ABU DHABI (Reuters) - Haas's protest of Formula One rivals Force India is about ensuring all teams are treated equally, team boss Guenther Steiner said on Friday.
Abu Dhabi Grand Prix stewards heard from both sides and said they would deliberate on the matter with no decision expected before Saturday, when final practice and qualifying are scheduled.gi
Stewards have not given a reason for the protest, and Steiner did not want to go into the details, but Haas and Force India have been at odds over the latter's eligibility for millions of dollars in prize money payments.
"What we are seeking is equality for all the teams," said Steiner, whose team have a close technical relationship with Ferrari and have Denmark's Kevin Magnussen and Frenchman Romain Grosjean as drivers.
"We came in (to Formula One) under certain circumstances," added Steiner. "We were aware of what we had to do. We did it all. And we feel that this was not done this time with Force India."
Mercedes-powered Force India went into administration at the end of July and emerged in August as a new entry after being taken over by a consortium led by Canadian billionaire Lawrence Stroll, whose son Lance is set to join from Williams.
U.S.-owned Haas had to go two years without so-called "column one" money after entering the sport in 2016 because the rules state payments are dictated by performance over previous seasons.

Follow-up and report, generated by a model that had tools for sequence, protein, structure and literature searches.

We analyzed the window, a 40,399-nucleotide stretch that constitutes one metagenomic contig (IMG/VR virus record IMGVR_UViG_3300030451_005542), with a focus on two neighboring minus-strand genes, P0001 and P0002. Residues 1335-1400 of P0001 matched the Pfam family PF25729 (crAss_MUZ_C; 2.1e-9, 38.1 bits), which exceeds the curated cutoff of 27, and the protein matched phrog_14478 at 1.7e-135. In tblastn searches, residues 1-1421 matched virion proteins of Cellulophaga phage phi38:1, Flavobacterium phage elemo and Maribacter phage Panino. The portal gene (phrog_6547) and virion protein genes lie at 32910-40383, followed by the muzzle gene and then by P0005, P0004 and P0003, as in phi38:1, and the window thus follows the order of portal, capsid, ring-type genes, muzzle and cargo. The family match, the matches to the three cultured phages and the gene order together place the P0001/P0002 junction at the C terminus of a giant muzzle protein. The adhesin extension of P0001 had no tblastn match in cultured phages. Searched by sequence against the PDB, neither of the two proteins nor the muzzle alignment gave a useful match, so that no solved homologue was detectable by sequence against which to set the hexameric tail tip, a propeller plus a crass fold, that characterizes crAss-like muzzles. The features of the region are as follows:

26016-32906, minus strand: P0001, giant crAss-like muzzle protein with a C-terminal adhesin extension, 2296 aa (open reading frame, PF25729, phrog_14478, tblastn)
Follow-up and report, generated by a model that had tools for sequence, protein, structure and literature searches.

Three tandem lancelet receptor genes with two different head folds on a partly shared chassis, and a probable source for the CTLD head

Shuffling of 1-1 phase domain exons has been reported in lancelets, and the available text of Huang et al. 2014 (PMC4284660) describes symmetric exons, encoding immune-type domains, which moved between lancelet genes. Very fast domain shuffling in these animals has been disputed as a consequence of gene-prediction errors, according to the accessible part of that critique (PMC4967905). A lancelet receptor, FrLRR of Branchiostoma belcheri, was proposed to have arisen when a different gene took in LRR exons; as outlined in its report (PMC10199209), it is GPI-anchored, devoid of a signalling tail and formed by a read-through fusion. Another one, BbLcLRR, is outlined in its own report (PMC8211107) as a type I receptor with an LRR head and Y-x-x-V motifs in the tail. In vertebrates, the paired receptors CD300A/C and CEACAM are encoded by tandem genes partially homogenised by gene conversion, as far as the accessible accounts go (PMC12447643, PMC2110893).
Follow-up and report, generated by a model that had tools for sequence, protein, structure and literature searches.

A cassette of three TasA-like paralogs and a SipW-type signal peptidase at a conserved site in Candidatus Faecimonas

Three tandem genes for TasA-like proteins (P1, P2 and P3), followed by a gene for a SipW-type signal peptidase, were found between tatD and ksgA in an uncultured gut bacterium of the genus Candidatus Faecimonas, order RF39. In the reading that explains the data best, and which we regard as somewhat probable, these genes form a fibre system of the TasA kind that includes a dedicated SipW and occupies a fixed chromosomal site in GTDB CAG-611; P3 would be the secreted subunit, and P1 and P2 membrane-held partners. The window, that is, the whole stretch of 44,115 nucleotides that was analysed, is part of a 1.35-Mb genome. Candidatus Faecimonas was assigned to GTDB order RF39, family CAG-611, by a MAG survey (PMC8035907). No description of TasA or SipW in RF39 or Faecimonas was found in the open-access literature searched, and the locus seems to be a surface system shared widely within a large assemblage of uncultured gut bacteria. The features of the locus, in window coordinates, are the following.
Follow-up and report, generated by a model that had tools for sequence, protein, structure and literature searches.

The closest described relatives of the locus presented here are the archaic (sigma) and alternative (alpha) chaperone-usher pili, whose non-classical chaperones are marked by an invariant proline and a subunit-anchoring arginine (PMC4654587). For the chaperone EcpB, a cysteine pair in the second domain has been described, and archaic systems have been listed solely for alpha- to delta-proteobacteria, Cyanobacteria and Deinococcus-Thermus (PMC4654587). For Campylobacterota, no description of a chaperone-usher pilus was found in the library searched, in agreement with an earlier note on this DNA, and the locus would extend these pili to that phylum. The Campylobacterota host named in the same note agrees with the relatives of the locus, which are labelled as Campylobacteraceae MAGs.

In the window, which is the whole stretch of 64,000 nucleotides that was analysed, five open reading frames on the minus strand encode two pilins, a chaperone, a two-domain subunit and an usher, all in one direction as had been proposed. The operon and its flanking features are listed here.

Asked why Haas had waited until the final race to take action, rather than at the end of August, Steiner said there had been an attempt to find an amicable solution but had not been given any answer.
"So at a certain point you need to do what you need to do," he said.
"The problem is maybe bigger than Force India. We are just seeking that everybody is treated equally. That is the only thing we are seeking.
"We are not trying to get more, we are just trying that everybody which is in this position also in the future knows what they are going to do. You need to sort the precedent out so the future is not tainted."
Force India team boss Otmar Szafnauer said the protest had come as a bit of a surprise.
"In a way it’s good that all of the information can be presented to the stewards and in due course I think they’ll make a very informed decision," he added.
(Writing by Alan Baldwin in London, editing by Ed Osmond)